Based on the above-mentioned results of this animal study, a novel therapeutic method for obese patients with male infertility may be put forward. We hypothesize that metformin therapy at an optimal dose represents an effective treatment for male infertility and hypogonadism accompanied with obesity and/or IR by improving the semen quality and correcting endocrine disorder. However, larger, prospective, case-controlled studies are required to elucidate the effects of metformin on male reproductive function in obese patients. This information will help fertility specialists in counseling their patients and in tailoring the appropriate infertility treatment.

The limitations of the present study should be noted. Although we demonstrated that HFD induced detrimental effects on spermatogenesis, semen quality, endogenous hormone levels, and apoptosis of testicular cells in rats, we did not investigate the effects of obesity on fertilization ability by mating the male rats in the three groups with normal female rats and comparing the pregnancy and abortion rates. Additionally, the influence of other mechanisms of weight loss, such as caloric restriction and physical activity, on spermatogenesis should also be investigated and compared with the effects of metformin of male reproductive function. Furthermore, more cellular, biochemical, and molecular studies are required to clarify the effects of HFD and metformin on the reproductive system. These issues will be addressed systematically in subsequent studies.

Conclusion

The present study indicates that obesity induced by HFD results in detrimental effects on spermatogenesis, semen quality, endogenous hormone levels, and apoptosis of testicular cells in rats. Metformin intervention improves semen parameters in obese male rats, possibly due to its effects on weight loss, increased testicular weight, reduced testicular cell apoptosis, and restoration of hormonal homeostasis and correction of metabolic disorder.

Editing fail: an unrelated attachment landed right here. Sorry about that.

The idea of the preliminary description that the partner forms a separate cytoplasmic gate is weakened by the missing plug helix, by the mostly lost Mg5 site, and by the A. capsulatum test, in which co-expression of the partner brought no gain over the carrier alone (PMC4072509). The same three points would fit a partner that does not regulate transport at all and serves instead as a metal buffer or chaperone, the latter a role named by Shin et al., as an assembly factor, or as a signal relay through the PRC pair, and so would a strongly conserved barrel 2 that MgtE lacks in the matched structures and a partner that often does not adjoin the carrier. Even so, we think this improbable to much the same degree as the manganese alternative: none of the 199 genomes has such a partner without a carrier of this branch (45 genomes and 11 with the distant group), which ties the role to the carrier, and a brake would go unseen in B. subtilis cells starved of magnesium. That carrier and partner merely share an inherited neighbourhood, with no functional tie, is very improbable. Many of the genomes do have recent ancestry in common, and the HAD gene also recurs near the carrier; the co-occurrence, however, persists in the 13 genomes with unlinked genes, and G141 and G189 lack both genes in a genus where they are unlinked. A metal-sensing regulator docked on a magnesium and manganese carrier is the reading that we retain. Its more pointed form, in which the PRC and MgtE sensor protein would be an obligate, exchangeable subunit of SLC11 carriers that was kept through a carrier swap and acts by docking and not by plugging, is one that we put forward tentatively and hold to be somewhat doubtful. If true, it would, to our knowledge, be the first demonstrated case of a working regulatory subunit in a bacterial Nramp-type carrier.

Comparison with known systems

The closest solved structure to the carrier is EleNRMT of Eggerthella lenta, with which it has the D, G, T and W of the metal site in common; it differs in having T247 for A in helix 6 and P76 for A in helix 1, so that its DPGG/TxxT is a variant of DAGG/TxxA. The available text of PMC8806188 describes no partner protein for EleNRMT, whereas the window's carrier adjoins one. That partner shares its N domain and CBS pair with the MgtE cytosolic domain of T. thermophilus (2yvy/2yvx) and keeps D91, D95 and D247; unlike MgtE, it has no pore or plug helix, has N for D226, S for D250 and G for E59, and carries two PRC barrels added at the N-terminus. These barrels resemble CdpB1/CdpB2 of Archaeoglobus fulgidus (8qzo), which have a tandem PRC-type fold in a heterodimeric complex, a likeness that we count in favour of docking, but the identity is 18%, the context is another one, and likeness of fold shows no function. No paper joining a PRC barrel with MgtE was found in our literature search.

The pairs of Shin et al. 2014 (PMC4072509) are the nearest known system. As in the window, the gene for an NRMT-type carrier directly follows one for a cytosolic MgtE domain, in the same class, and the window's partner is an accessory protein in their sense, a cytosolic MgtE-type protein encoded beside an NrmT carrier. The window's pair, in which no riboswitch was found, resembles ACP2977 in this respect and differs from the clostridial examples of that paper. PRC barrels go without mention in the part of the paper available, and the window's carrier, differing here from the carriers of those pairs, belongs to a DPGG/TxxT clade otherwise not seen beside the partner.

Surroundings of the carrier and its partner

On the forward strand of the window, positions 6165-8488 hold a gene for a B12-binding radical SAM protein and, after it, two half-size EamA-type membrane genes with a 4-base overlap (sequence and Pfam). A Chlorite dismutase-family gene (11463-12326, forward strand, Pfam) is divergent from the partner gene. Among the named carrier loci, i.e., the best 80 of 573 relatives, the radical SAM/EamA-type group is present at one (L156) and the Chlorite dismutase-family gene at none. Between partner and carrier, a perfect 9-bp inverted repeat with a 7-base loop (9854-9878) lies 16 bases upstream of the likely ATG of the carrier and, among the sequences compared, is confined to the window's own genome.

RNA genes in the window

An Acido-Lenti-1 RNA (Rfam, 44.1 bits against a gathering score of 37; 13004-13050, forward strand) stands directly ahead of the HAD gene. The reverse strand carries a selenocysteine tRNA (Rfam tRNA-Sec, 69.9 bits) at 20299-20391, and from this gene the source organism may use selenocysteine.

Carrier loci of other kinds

Acknowledgments

This study was partially supported by the key research project of the Ministry of Public Security (2010 ZDYJHBST007).

Author contributions

WJY and JY conceived and designed the study. YZ collected the data. YM, XLP, and DC performed the animal experiments and statistical analyses. WJY, NY, and JY drafted and revised the manuscript. All authors read and approved the final manuscript.

Conflict of interest

All authors declare no competing interest.

Footnotes

Capsule

Metformin intervention improved the semen parameters, possibly due to its effects on weight loss, increased testicular weight, reduced testicular cell apoptosis, and resulted in restoration of hormonal homeostasis and correction of metabolic disorder.